RFC 4809 Reqs for IPsec Certificate Mgmt Profile February 2007 authorizes PKC issuance and can act as the Peer's PKI System interface, which allows the Admin to perform many RA-like functions. It is important to note that, within this document, the Admin is neither a device nor a person; rather, it is a function. Every large-scale VPN deployment will contain the Admin function. The function can be performed on a stand-alone workstation, on a gateway, or on an administration software component. The Admin function can also be one and the same as the gateway, client device, or software. They are represented in the architectural diagram as different functions, but they need not be different physical entities. As such, the Admin's architecture and the means by which it interacts with the participating IPsec Peers will vary widely from implementation to implementation. However, some basic functions of the Admin are assumed. - It, and not the PKI, will define the Certificate Policy (CP) [FRAME] for use in a VPN System. The PKC's characteristics and contents are a function of the CP. In VPN Systems, the Operator chooses to strengthen the VPN by using PKI; PKI is a bolt-on to the VPN System. The Operator will configure local security policy in part through the Admin and its authorized PKI-enabled Peers. - It will interact directly with the PKI System to initiate authorization for end entity PKCs by sending the parameters and contents for individual PKCs or batches of PKCs based on a pre- agreed template (i.e., both types of authorization requests refer to the pre-agreed template). Templates will be agreed in an out-of-band mechanism by the VPN Operator and the PKI Operator. It will receive back from the PKI a unique tuple of authorization identifiers and one-time authorization tokens that will authorize Peers to request a PKC. - It will deliver instructions to the IPsec Peers, and the Peers will carry out those instructions (e.g., Admin passes Peer information necessary to generate keys and PKC request). 2.2. PKI System The PKI System, as depicted in Figure 2, can be set up and operated by the Operator (in-house), be provided by third party PKI providers to which connectivity is available at the time of provisioning (managed PKI service), or be integrated with the VPN product. Bonatti, et al. Informational [Page 10]
RFC 4809 Reqs for IPsec Certificate Mgmt Profile February 2007 +---------------------------------------------+ | +-------------------------+ | | v | | | +--------------+ v | | | Repository | +----+ +----+ | | | Certs & CRLs |<-> | CA |<->| RA | | | +--------------+ +----+ +----+ | | | +---------------------------------------------+ Figure 2: PKI System This framework assumes that all components of the VPN obtain PKCs from a single PKI community. An IPsec Peer can accept a PKC from a Peer that is from a CA outside of the PKI community, but the auto provision and life cycle management for such a PKC or its trust anchor PKC fall out of scope. The PKI System contains a mechanism for handling Admin's authorization requests and PKC enrollments. This mechanism is referred to as the Registration Authority (RA). The PKI System contains a Repository for Peers to retrieve each other's PKCs and revocation information. Last, the PKI System contains the core function of a CA that uses a public and private key pair and signs PKCs. 2.3. VPN-PKI Interaction The interaction between the VPN System and the PKI System is the key focus of this requirements document, as shown in Figure 3. Therefore, it is sensible to consider the steps necessary to set up, use, and manage PKCs for one Peer to establish an association with another Peer. Bonatti, et al. Informational [Page 11]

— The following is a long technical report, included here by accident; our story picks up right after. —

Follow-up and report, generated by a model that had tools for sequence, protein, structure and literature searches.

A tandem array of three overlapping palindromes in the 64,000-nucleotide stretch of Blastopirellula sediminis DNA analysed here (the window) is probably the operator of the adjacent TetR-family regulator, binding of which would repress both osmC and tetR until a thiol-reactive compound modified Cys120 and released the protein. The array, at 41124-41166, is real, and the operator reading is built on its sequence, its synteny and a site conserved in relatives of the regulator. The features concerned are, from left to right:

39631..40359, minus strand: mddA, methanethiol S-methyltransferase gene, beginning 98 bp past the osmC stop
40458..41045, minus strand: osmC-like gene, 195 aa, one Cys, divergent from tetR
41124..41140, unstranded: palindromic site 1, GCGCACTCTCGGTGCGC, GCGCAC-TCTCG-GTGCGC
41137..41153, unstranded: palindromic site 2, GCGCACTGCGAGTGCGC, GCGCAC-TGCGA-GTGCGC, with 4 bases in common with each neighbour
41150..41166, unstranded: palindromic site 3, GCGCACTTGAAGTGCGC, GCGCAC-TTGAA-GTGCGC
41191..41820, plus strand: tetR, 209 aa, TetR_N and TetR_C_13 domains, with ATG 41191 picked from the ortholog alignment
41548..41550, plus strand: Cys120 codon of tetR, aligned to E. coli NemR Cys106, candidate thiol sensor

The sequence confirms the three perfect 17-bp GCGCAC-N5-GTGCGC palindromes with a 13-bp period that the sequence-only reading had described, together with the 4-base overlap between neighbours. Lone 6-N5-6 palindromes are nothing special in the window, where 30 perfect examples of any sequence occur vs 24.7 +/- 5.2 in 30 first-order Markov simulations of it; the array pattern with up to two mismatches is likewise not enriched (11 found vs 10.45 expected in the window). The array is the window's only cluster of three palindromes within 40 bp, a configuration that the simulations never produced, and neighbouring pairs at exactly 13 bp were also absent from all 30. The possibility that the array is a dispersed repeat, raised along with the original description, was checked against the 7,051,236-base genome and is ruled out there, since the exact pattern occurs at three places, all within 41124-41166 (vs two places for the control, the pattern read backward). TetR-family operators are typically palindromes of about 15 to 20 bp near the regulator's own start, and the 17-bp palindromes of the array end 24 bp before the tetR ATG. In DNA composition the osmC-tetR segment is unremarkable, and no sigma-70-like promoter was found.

RFC 4809 Reqs for IPsec Certificate Mgmt Profile February 2007 +-----------------------------------------------+ | PKI System | | | | +--------------+ | | | Repository | +----+ +----+ | | | Certs & CRLs | | CA | | RA | | | +--------------+ +----+ +----+ | | | +-----------------------------------------------+ ^ ^ ^ |[G] |[A] |[G] |[E] |[G] |[E] |[L] |[E] |[L] |[R] |[R] |[R] | |[L] | +-----+------------------+-------------------+-------+ | | v | | | | +----------+ | | | | [G][E][L][R]| VPN |[G][E][L][R] | | | | +---------->| Admin |<----------+ | | | | | | Function | | | | | | | +----------+ | | | | v v v v | | +---------+ +---------+ | | | IPsec | [I] | IPsec | | | | Peer 1 |<========================>| Peer 2 | | | +---------+ +---------+ | | | | VPN System | +----------------------------------------------------+ [A] = Authorization: PKC issuance [G] = Generation: Public key, private key, and PKC request [E] = Enrollment: Sending PKC request, verifying PKC response, and confirming PKC response [I] = IKE and IPsec communication [L] = Lifecycle: Rekey, renewal, update, revocation, and confirmation [R] = Repository: Posting and lookups Figure 3. Architectural Framework for VPN-PKI Interaction Requirements for each of the interactions, [A], [G], [E], [L], and [R], are addressed in Sections 3.2 through 3.6. However, only requirements for [A], [E], [L], and [R] will be addressed by the certificate management profile. Requirements for [I] transactions are beyond the scope of this document. Additionally, the act of certification (i.e., binding the public key to the name) is performed at the CA and is not shown in the figure. Bonatti, et al. Informational [Page 12]